Hemolytic-Uremic Syndrome



Hemolytic-uremic syndrome is a kidney disease caused by an overabundance of damaged red blood cells filling the kidneys, hindering them from doing their normal filtering.

The red blood cells are damaged by infection in the digestive tract, usually caused by Escherichia coli, particularly the O157:H7 strain. Toxins from the bacteria can enter the blood and destroy the red blood cells, which are responsible for carrying oxygen through the body.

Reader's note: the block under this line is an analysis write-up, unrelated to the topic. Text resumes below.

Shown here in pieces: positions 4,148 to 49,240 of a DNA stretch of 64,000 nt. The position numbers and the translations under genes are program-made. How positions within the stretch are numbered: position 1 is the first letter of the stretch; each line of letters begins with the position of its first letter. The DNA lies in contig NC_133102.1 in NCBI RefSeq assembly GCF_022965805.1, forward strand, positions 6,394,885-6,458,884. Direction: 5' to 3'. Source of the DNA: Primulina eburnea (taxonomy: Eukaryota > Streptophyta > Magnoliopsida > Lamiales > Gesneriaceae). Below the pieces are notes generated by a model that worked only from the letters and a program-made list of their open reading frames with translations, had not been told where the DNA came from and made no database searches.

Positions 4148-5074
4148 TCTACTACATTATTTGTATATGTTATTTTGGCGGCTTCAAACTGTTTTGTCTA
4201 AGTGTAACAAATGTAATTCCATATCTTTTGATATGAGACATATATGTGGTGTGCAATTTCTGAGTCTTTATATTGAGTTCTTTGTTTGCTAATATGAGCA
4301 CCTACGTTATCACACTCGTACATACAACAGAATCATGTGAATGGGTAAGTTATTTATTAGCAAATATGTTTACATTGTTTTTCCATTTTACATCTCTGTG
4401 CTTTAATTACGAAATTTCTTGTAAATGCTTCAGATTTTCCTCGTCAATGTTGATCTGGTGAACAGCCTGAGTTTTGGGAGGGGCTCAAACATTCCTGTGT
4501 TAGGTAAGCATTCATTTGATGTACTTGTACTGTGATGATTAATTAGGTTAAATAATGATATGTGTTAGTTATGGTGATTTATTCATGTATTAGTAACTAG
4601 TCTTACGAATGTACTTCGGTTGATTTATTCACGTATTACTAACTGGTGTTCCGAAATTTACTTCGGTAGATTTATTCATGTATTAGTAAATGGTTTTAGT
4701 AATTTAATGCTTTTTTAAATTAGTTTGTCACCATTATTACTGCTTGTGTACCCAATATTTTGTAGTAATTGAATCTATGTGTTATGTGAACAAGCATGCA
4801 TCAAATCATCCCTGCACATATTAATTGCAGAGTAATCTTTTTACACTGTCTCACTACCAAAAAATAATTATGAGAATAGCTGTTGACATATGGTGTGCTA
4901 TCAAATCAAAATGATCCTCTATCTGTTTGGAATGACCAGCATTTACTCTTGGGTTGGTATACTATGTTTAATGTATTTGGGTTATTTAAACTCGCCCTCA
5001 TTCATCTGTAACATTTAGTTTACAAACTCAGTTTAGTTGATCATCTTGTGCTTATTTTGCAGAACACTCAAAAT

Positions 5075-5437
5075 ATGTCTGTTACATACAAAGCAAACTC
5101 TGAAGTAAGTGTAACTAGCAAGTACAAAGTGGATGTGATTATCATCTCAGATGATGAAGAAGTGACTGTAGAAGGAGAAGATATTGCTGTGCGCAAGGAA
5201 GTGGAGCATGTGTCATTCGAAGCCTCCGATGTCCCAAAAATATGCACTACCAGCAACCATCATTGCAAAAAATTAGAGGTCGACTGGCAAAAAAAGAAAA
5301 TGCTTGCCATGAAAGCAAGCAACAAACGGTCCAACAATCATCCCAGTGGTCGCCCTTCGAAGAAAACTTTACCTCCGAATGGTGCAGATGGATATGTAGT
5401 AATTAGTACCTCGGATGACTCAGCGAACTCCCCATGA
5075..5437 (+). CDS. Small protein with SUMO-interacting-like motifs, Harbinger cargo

Common sources of E. coli O157:H7 are undercooked meat (most often ground beef); unpasteurized or raw milk; unwashed, contaminated raw fruits and vegetables; contaminated juice; and contaminated swimming pools or lakes.

Rarer causes can be taking certain medications such as chemotherapy, other viral or bacterial infections, and inheriting a certain type of hemolytic uremic syndrome.

Symptoms of this syndrome are like those of gastroenteritis, including vomiting, bloody diarrhea, abdominal pain, fever and chills, and headache.

Medical help should be sought immediately.

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